Public hearing on budget is Monday
By Matt Shaw
Published in News on May 15, 2005 2:01 AM
Goldsboro City Council members are still discussing how they feel about the city's proposed budget for 2005-2006.
City residents will have a chance Monday night to get into the conversation. A public hearing on the $41 million spending plan will begin shortly after 7 p.m. at City Hall.
The council held two budget work sessions last week. At the end of Thursday's meeting, council members decided to postpone any talk of budget cuts until after they heard from the public.
Budget hearings often don't draw crowds, but Monday could be different. The proposed budget would require a five-cent increase in the property tax rate -- from 60-cents-per-$100 valuation to 65-cents. That would mean a $35 increase for the owner of a $70,000 home; $120 for a $120,000 home; and $200 for a $200,000 home.
City residents also pay county taxes. Wayne County officials have not yet announced how their tax rate might change next year.
The city budget would also raise sewer rates 15 percent. An average family household would see its bill go up around $2.80 a month.
The council is also considering going to a flat rate for water users. Currently, companies that use more than 9,000 cubic feet of water in a month get a discount. A flat rate would primarily affect about two dozen customers.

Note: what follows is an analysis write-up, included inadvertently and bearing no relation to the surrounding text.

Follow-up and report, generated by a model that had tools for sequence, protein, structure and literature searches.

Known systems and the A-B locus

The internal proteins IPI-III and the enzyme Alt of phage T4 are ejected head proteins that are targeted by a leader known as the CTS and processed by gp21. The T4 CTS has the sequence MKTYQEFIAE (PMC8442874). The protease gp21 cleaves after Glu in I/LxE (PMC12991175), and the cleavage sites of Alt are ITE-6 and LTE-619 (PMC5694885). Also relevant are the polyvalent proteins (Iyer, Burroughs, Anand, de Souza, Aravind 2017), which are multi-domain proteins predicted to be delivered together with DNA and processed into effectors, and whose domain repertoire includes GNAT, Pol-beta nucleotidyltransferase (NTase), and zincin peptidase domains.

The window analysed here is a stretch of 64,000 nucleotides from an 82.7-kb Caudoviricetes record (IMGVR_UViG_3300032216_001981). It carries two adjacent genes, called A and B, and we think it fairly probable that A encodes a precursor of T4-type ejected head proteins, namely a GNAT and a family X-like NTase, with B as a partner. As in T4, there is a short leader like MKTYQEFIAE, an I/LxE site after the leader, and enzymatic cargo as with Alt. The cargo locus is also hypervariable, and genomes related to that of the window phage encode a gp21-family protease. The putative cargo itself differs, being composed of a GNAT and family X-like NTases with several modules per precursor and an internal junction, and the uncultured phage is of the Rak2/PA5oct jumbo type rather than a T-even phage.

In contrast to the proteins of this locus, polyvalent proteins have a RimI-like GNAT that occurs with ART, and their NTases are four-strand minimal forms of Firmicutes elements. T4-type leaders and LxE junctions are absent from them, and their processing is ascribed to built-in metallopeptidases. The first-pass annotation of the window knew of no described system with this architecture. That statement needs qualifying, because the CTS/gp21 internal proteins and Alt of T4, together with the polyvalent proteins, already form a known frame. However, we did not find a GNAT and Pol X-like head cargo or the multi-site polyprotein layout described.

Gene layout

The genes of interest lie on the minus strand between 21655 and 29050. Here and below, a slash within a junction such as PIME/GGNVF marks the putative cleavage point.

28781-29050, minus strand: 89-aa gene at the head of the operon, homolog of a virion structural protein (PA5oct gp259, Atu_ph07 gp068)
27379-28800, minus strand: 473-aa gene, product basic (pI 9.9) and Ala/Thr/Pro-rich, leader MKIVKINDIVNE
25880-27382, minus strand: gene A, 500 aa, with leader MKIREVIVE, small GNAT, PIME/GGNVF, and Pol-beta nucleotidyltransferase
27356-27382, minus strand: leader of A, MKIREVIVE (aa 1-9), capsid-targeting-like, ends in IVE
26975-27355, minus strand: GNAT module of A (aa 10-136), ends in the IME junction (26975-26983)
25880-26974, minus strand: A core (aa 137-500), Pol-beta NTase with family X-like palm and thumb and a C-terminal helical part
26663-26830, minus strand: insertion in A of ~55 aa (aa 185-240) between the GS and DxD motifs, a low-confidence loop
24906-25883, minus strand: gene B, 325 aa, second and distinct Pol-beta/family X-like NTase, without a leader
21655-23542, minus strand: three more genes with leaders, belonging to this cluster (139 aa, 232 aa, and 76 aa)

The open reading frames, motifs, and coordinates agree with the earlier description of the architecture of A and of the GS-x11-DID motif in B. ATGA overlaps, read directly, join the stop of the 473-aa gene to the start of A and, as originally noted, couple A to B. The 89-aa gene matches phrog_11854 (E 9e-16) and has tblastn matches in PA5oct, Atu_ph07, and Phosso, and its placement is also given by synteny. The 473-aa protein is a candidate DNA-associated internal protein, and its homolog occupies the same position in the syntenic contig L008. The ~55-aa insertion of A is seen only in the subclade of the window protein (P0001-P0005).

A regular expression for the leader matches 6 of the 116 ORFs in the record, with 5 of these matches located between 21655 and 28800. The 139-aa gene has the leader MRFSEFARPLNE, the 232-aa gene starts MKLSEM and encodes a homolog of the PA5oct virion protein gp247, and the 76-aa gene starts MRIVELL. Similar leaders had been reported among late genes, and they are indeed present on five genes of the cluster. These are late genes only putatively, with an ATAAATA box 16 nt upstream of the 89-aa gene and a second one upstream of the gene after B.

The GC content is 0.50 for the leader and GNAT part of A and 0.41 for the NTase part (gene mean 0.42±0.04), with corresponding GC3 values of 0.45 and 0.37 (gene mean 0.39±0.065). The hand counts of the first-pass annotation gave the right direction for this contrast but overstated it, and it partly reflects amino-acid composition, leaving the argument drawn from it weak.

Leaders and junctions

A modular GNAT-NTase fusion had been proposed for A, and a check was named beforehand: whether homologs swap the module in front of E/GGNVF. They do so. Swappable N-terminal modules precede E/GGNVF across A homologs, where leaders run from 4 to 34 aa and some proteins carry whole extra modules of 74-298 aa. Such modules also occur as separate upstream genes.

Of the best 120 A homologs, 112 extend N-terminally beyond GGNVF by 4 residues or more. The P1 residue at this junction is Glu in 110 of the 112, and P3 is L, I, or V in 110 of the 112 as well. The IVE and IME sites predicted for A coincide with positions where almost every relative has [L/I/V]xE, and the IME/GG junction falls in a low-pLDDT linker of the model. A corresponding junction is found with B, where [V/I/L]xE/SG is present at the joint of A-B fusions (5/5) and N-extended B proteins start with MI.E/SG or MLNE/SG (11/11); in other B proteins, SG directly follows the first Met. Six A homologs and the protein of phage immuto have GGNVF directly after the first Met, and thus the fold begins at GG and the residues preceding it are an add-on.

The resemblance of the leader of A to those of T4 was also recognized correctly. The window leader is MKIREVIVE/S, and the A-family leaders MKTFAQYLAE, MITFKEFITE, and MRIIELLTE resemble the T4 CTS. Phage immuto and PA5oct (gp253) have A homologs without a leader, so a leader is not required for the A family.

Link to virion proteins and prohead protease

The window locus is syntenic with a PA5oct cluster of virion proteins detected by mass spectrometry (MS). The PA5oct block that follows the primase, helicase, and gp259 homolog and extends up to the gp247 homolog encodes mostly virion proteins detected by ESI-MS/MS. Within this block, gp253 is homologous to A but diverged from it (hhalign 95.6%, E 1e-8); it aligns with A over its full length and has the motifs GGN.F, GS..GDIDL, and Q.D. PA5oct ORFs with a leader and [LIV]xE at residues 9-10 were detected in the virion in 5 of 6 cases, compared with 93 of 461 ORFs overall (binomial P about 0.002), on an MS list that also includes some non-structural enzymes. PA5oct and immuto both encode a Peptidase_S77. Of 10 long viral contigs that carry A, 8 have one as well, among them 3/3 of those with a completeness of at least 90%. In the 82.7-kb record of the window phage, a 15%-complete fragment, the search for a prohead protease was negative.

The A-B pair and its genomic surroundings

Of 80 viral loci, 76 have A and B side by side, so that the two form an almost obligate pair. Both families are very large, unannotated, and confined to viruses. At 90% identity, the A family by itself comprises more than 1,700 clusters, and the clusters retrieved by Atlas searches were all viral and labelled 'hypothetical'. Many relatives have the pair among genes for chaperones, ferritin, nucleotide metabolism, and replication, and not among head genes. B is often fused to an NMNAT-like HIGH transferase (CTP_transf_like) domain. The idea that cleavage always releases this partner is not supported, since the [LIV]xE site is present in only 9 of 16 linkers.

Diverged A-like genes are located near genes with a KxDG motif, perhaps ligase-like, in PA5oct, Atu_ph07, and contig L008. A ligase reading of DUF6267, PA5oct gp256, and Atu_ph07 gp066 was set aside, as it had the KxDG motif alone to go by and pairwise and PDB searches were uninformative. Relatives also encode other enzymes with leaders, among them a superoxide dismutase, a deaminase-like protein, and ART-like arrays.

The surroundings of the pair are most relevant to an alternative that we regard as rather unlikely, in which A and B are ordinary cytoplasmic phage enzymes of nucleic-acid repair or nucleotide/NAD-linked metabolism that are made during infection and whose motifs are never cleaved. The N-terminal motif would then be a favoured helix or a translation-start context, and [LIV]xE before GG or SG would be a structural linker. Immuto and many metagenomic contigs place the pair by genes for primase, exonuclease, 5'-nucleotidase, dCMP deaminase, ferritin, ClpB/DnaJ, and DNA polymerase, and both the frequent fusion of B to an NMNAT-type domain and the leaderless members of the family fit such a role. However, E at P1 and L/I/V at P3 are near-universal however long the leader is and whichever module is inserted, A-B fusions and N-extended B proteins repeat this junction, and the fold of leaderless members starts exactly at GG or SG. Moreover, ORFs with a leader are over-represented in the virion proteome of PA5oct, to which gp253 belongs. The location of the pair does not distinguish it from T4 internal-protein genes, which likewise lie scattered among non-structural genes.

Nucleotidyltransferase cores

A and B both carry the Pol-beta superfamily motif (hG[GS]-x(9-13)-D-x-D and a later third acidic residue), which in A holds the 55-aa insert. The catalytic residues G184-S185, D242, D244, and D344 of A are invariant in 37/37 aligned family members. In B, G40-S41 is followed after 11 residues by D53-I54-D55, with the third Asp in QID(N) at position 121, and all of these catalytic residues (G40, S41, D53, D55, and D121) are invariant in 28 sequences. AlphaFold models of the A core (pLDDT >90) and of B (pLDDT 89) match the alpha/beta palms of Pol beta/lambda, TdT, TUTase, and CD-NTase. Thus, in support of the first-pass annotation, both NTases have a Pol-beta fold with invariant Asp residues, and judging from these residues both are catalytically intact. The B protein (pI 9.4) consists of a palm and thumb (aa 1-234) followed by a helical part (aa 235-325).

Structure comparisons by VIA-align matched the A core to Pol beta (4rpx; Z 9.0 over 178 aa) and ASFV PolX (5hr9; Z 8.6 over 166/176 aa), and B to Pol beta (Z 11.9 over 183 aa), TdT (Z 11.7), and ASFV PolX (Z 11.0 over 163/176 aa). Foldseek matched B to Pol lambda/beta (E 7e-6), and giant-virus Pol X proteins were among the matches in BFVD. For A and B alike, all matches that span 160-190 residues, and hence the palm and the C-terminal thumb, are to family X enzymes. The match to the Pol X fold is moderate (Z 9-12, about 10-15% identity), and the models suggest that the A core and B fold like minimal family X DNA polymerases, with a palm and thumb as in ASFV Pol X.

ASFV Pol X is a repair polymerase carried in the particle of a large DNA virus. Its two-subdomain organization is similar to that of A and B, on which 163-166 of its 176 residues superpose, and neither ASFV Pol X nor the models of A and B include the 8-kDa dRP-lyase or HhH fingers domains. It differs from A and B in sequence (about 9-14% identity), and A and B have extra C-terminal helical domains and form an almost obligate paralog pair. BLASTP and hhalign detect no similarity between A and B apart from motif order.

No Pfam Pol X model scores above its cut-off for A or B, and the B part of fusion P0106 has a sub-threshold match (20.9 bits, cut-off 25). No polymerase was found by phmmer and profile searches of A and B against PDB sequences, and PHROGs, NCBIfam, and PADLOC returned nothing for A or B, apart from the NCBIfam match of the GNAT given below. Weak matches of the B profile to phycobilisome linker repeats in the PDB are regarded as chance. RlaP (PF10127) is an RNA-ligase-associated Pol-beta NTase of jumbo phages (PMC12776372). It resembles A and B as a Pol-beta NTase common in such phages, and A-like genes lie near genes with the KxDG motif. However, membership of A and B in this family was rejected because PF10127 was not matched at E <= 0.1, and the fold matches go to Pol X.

About 31 percent of the city budget goes toward public works; 17 percent to police; 13 percent to general services; 10 percent to fire; 7 percent to recreation and 7 percent to capital projects. Other city departments split the remaining funds.
The 2005-06 budget must be approved before July 1, the start of the fiscal year. The City Council is tentatively planning to vote at its June 6 meeting.
The council has four other issues scheduled for hearings.
The owner of Raper Discount Drugs on Wayne Memorial Drive is seeking a zoning change that would permit the store to have a larger sign.
Erma Thompson wants the city to rezone 11 acres on the north side of Belfast Road for industrial or commercial uses. The tract is part of a larger property that was split by the new U.S. 117.
Elma Lofton has asked for a conditional-use permit that would allow construction of an eight-unit apartment complex on the east side of John Street, directly across from Graham Street. The complex is intended to serve elderly clients.
Finally, Dwight and Elizabeth Sutton are seeking permission to open a beach bingo establishment in North Plaza shopping center, which is on Spence Avenue across from Wal-Mart. The bingo parlor would be in between Mitchell's Hair Styling Academy and Dollar General and would generally be open only in the evening and Sunday afternoon.
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